The following assignment operators are similar to the increment and decrement operators that we have just seen. They are used so that you do not need to enter the source variable twice when assigning a value to a variable based on its current value. The following table shows a list of arithmetic assignment operators for the arithmetic operators that we have used so far in this chapter.

Operator |
Description |
---|---|

*= |
Multiplication assignment |

/= |
Division assignment |

+= |
Addition assignment |

–= |
Subtraction assignment |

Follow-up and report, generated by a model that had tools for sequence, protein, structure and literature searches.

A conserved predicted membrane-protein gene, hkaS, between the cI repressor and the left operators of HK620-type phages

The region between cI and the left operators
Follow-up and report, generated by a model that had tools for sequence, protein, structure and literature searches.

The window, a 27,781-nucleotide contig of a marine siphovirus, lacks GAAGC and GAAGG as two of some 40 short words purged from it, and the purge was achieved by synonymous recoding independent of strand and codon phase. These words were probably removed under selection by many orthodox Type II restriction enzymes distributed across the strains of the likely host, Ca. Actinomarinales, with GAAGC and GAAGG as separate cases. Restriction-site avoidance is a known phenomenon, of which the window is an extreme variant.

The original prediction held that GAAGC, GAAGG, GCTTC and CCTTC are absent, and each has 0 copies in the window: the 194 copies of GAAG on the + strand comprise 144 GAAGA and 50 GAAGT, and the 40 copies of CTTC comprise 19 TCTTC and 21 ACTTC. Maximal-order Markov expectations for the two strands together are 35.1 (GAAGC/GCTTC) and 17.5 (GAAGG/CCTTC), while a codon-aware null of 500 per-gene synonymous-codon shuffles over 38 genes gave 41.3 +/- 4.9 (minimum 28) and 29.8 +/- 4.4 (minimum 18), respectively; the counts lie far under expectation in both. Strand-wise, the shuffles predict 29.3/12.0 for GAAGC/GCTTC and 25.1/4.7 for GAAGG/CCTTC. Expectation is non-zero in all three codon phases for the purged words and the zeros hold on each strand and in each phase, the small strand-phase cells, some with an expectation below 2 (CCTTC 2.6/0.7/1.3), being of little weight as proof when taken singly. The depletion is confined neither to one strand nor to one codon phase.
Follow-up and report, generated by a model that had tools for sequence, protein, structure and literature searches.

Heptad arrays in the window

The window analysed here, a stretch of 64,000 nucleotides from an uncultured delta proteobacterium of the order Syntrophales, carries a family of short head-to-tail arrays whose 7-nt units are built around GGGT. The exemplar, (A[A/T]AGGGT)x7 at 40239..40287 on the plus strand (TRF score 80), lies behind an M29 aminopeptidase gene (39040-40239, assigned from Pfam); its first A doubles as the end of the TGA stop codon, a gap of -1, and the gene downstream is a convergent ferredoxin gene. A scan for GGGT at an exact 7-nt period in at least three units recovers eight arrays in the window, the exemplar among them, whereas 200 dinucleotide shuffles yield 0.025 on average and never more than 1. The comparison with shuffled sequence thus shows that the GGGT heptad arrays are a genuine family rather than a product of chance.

%= |
Remainder assignment |

So we can set a value to a variable and then double its current value as follows:

int number = 22; number *= 2; // all the fours, 44

In fact, it is possible to assign values to variables using the assignment operators wherever the value type is valid, even in mid-code, so to speak.

int numberA = 30; int numberB = 7; numberA /= numberB -= 4;

The last line of code first subtracts 4 from numberB, setting it to the value of 3. Then numberA, which equals 30, is divided by the new value of numberB, which now equals 3, giving numberA the value of 10, which is the result of 30 divided by 3. This conforms to the operator precedence table shown earlier.